[Update: Since this letter was fired off last week, more Pulitzer Prize winners and finalists have signed on to the protest, including 2020 winner Barry Blitt, and Pat Bagley, the longest-employed staff cartoonist at a daily newspaper.]
Ten days after the 2022 Pulitzer Prizes wereannounced, 35 cartoonists who have won or been finalists for the award signed an unprecedented open letter to the Pulitzer Board about recent changes to the prize.
After quietly expanding the parameters of the Editorial Cartoonist category in 2020 to include illustrators and graphic reporters, the Board that presides over the judging process for journalism’s biggest award renamed the category “Illustrated Reporting and Commentary” at the end of last year. This unannounced move came months after the Pulitzer Committeerefused to pick a winner among the three qualified finalists in 2021, and99 years after the Editorial Cartoonist” category was created.
Last week the AAECsent a letter to the Pulitzer Boardpetitioning the restoration of the award, and now almost three dozen recipients of the Prize are collectively seeking the same thing. Here is their letter in its entirety.
+ + + + + + + + + + + + + + + + + + + + + +
WE THE CARTOONISTS,
A letter to the Pulitzer Board from past Pulitzer prize-winners and finalists in the editorial cartooning category:
May 19th, 2022
Dear Pulitzer Prize Board,
We are dismayed to see the Editorial Cartooning category removed from the annual conferring of Pulitzer Prizes. From America’s inception, the editorial cartoon has crystallized our messy political struggle. Iconic historic images — like Benjamin Franklin’s “Join or Die” woodcut, Thomas Nast’s plutocrat with a money bag head, and Herblock’s cartoon coining the term “McCarthyism” — all sprung from the minds of individual cartoonists drawing visceral, emotional, and urgent opinions, in response to the news events of their day. The greatest American editorial cartoons draw on every inch of the First Amendment to, as John Stuart Mill wrote in On Liberty, “push arguments to their logical limits.”
For 100 years the distinguished Pulitzer Prize has walked hand-in-hand with the idiosyncratic editorial cartoonist, elevating the gritty public artform by (almost) annually bestowing its revered prize upon the “best” of the craft. This partnership has allowed publishers with intestinal fortitude to keep a seat for the local cartoonist on the newspaper Editorial Board, justifying their employment with the weight of the award. This has, without a doubt, nurtured the vitality of the medium and helped our nation weather its political discourse for the better.
While the landscape of print journalism has changed, and far fewer practitioners of the form are employees of newspapers, those newspapers still print scores of editorial cartoons every day. Added to that, there are now more editorial cartoonists than ever reaching their audiences directly via the digital screen. Our numbers are more stylistically, ethnically, and gender diverse. The conferring of a cartooning Pulitzer Prize continues to be a powerful affirmation of support, even more valuable for artists vying in today’s raucous public discourse.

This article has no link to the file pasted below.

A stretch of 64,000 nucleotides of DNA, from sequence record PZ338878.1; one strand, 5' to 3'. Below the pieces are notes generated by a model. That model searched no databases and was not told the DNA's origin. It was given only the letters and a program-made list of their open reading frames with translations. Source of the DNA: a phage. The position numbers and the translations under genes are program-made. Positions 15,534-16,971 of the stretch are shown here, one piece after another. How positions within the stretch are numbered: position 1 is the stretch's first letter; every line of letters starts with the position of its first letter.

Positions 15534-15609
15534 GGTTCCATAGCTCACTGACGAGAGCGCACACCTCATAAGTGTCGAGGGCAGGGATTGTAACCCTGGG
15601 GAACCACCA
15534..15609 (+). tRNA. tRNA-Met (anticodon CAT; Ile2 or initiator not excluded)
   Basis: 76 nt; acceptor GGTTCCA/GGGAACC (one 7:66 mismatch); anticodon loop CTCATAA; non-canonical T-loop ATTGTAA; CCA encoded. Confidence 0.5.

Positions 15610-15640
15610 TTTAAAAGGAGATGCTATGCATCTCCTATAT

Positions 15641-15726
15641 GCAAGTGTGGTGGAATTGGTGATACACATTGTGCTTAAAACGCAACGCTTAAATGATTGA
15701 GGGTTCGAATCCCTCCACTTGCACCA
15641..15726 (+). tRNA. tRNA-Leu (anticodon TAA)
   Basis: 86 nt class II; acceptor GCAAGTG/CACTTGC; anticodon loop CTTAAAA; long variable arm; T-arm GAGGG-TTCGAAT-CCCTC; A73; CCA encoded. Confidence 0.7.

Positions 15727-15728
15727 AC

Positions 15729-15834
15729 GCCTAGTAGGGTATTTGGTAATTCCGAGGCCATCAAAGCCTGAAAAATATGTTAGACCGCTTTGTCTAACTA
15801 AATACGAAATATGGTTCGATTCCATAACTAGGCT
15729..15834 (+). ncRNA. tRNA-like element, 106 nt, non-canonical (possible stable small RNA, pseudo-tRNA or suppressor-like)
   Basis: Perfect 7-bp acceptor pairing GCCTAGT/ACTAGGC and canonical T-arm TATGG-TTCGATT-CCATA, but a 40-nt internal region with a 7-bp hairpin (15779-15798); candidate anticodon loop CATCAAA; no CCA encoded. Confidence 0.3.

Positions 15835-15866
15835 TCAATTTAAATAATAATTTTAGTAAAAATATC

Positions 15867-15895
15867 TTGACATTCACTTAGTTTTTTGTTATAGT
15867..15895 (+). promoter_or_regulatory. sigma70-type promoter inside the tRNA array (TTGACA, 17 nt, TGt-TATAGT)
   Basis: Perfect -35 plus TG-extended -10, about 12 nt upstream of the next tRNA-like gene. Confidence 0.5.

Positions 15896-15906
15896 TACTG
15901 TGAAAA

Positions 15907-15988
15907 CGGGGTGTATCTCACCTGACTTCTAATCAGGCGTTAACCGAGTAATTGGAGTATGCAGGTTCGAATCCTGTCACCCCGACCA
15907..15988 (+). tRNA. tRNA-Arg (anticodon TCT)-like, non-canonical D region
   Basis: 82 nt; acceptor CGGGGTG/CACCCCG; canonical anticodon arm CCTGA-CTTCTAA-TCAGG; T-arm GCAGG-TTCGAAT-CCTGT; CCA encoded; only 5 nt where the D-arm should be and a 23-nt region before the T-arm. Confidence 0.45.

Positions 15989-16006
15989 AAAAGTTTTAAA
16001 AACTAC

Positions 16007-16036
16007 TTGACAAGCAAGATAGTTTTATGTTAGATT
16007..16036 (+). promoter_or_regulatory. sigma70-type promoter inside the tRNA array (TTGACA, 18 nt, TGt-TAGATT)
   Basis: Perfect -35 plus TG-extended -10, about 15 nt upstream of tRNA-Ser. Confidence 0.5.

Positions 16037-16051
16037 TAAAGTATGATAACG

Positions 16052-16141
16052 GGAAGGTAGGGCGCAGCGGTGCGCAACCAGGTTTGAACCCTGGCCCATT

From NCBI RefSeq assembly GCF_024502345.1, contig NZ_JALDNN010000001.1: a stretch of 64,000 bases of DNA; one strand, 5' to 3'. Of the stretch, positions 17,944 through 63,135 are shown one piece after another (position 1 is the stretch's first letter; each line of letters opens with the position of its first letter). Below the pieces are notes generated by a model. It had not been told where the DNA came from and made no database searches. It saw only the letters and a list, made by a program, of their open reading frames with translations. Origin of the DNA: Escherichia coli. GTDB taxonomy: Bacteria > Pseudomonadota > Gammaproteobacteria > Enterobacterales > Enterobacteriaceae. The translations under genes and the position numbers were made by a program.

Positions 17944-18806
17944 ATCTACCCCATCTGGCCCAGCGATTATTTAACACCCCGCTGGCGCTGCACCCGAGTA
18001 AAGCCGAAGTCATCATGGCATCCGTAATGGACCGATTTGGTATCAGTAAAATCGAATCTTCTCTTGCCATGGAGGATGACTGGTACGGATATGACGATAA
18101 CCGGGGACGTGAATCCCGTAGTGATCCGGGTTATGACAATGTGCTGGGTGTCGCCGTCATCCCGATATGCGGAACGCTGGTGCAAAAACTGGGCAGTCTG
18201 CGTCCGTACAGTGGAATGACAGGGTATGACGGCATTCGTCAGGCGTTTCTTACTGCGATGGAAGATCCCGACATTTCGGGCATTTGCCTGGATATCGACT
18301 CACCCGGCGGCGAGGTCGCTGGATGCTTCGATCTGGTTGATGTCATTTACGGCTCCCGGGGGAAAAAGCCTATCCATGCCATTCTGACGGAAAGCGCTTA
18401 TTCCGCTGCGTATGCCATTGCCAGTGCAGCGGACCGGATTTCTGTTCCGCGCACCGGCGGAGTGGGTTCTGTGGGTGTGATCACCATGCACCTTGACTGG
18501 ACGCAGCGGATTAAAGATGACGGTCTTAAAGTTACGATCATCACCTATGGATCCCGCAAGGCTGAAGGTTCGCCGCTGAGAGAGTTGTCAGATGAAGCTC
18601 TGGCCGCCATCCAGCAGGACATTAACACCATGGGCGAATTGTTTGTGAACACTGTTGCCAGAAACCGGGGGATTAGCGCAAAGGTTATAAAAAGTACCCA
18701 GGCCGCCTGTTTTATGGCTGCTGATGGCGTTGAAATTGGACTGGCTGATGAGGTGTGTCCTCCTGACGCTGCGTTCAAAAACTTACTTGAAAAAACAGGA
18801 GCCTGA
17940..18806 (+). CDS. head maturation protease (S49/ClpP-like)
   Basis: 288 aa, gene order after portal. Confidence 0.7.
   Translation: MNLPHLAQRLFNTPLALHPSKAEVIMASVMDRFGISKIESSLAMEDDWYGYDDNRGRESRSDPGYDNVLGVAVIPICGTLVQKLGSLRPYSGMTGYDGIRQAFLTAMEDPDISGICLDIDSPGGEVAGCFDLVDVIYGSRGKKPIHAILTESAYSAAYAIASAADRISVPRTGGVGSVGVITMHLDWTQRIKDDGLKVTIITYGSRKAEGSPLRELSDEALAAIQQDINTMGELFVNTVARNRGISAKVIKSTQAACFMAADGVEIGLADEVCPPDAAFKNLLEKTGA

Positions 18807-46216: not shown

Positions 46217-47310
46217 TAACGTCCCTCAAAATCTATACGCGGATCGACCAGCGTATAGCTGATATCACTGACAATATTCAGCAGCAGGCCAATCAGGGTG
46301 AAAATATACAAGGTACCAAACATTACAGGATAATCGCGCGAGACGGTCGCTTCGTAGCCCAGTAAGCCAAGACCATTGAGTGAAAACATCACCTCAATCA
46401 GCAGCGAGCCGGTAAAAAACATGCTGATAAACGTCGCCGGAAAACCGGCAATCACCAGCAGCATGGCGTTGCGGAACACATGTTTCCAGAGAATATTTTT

So, it is with alarm that we see the Editorial Cartoon prize morph into a nebulous award for “Visual Reporting and Commentary.” In Journalism, reporting always emanated from a newsroom, and commentary from the very deliberately walled-off editorial opinion factory. This American tradition should not be watered down and as we witness our country’s intensifying political divide, it feels like a dangerous moment to abandon us dagger-penned town criers.
We fully understand the need to acknowledge and elevate important new forms of journalism, including powerful visual storytelling, like the ones you honored in 2022, 2018, and in 1992 when the Pulitzer Committee bestowed a Special Citation on Art Spiegelman’s Maus. But because these formats employ drawn visuals doesn’t mean they are the same as an editorial cartoon. Readers of the news have always treasured the quick and rude interlude offered by the ink-spattered rectangles nestled within the ocean of important words.
And lest we forget, cartoonists draw our arguments using satire, a scarce commodity in journalism, but one that helps stick a message instantaneously and memorably in ways even the finest writing cannot. We mock the powerful, reduce tyrants to sniveling caricatures and twist demagogues’ own words against them. A serious illustrated reporting piece serves a notably different purpose.
As grateful beneficiaries of the Pulitzer’s gravitas, we agree with the Association of American Editorial Cartoonists’ plea to restore the original Editorial Cartooning prize while also — as is done for multiple writing and photography categories — retaining the new prize created for Illustrated Reporting.
In 1922, the first Pulitzer Prize for cartooning was awarded to Rollin Kirby for The March To Moscow. In 2022, We The Cartoonists hope to continue our march with the Pulitzer Prizes still at our side, with categories honoring all, fittingly.
Respectfully and sincerely,
+ + + + + + + + + + + + + + + + + + + + + +
The signers include past Prize winners Matt Davies (2004), Clay Bennett (2002), Mike Luckovich (1995, 2006), Joel Pett (2000), Walt Handelsman (1997, 2007), Signe Wilkinson (1992), Mike Peters (1981), Michael Ramirez (1994, 2008), David Horsey (1999, 2003), Adam Zyglis (2015), Jack Ohman (2016), Jim Borgman (1991), Steve Sack (2013), Mike Keefe (2011), Darrin Bell (2019), Ann Telnaes (2001), Matt Wuerker (2012), Kevin Siers (2014), Nick Anderson (2005), Ben Sargent (1982), Steve Breen (1998, 2009), Barry Blitt (2020) and Mark Fiore (2010), along with finalists Lalo Alcaraz, Marty Two Bulls Jr, Ruben Bolling, Ted Rall, Tom Tomorrow, Rob Rogers, Robert Ariail, Jeff Darcy, Steve Kelley, Chip Bok, Pat Bagley and Kevin “Kal” Kallaugher.